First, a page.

Swine and poultryviruses, such as porcine reproductive and respiratory syndrome virus (PRRSV), porcine epidemic diarrhea virus (PEDV), and highly pathogenic avian influenza virus (HPAIV), are economically important pathogens that can spread via aerosols. The reliability of methods for quantifying particle-associated viruses as well as the sizedistribution of aerosolized particles bearing these viruses under field conditions are not well documented. We compared the performance of 2 size-differentiating airsamplers in disease outbreaks that occurred in swine and poultry facilities. Both airsamplers allowed quantification of particles by size, and measured concentrations of PRRSV, PEDV, and HPAIV stratified by particle size both within and outside swine and poultry facilities. All 3 viruses were detectable in association with aerosolized particles. Proportions of positive sampling events were 69% for PEDV, 61% for HPAIV, and 8% for PRRSV. The highest virus concentrations were found with PEDV, followed by HPAIV and PRRSV. Both air collectors performed equally for the detection of total virus concentration. For all 3 viruses, higher numbers of RNA copies were associated with larger particles; however, a bimodal distribution of particles was observed in the case of PEDV and HPAIV.
This is the question that Drs. Carmen Alonso, Sagar Goyal, Peter Davies, and Montse Torremorell from the College of Veterinary Medicine studied in collaboration with Drs. Bernard Olson and Peter Raynor from the College of Science and Engineering and the School of Public Health respectively, in the following paper published in Aerosol Science and Technology this past month.
In this study, the team form the University of Minnesota compared the capacity of two different air samplers to detect PRRSv and SIV in an experimental setting. The challenge to detect viral aerosol is to find a technique capable of capturing small amount of virus in a large amount of air. This experiment found that the particle size, the media used for collection as well as the extraction technique (passive or active) all had a significant effect on the detection of the viruses.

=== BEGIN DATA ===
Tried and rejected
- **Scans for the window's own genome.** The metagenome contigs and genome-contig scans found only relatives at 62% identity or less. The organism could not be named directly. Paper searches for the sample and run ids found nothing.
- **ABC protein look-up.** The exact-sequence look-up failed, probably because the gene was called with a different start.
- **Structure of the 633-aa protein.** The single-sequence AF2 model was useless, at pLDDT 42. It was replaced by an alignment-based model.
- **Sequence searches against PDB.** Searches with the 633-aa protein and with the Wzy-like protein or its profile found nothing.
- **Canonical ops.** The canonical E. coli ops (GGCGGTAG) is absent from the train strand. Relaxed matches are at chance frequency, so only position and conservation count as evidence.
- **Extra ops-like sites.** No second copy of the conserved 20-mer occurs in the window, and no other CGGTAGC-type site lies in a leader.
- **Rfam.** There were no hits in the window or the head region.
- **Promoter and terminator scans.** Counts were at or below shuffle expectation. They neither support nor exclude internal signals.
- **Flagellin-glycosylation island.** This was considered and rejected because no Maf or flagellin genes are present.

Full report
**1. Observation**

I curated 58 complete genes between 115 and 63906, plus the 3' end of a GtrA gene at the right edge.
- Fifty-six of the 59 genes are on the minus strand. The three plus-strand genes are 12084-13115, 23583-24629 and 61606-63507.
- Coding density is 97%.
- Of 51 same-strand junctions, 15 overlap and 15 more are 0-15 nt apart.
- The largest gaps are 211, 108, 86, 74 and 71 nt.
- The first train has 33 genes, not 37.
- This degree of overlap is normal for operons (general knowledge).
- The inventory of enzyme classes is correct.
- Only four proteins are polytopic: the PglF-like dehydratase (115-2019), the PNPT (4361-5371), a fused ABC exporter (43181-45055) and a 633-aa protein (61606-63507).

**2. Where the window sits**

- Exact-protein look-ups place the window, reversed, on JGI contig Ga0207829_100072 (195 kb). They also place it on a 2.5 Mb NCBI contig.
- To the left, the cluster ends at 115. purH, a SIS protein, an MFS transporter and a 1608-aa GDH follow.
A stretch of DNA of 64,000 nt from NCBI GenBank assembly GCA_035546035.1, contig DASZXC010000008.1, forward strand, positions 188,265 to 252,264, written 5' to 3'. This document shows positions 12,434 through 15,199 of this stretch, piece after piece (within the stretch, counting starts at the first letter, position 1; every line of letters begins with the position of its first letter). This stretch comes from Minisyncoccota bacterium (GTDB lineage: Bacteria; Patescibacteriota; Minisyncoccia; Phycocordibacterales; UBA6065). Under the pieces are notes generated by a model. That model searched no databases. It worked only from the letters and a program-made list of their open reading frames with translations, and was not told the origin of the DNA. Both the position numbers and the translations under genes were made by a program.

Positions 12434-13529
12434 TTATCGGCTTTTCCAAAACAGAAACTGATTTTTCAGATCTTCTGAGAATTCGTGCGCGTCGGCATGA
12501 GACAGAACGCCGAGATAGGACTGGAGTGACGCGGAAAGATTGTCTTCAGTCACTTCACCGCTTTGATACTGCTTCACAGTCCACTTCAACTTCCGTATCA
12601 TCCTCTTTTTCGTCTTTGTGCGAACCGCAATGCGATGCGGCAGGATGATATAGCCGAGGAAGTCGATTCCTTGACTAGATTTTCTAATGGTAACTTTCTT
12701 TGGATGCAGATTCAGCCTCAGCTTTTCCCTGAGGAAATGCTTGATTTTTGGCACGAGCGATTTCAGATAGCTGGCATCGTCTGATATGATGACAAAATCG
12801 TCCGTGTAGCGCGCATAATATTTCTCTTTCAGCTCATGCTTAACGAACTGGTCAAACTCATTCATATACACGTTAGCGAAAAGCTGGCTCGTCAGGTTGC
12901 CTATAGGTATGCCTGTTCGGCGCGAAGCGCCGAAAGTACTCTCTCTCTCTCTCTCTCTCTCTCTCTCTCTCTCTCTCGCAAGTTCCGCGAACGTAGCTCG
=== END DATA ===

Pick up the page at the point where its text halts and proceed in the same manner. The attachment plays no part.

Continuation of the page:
Abstract: Detection and quantification of dilute viral aerosols, as encountered outside animal housing facilities, requires methods that are able to detect small numbers of viruses in large volumes of air. This study compared the performance of two size-differentiating cascade impactors; an Andersen 8-stage (ACI; 28.3 L/min) and a high volume Tisch (TCI; 1,133 L/min) to assess sampling efficiency for detecting porcine reproductive and respiratory syndrome virus (PRRSV) and influenza A virus (IAV). Samples of particles sorted by aerodynamic diameter were analyzed by quantitative polymerase chain reaction (qPCR) and collection efficiency was assessed by particle size. Collection media (minimum essential medium [MEM] and beef extract [BE]), elution technique (active versus passive), and sampling times (10, 20, and 30 min) were variables assessed for the TCI sampler. Extraction efficiency was 35% higher with BE as compared to that of MEM (p = 0.0007); active extraction technique was 19% more efficient than the passive technique (p = 0.03); time of sampling did not significantly affect the amount of virus recovered. The ACI sampler was more efficient in detecting both viruses from small and medium sized airborne particles (≤3 μm) as compared to the TCI sampler (p < 0.001). The latter sampler, however, was more efficient at IAV detection from large airborne particles (>3 μm) (p = 0.0025) indicating the potential of this sampler in detecting the presence of small amounts of viruses in aerosols under field conditions.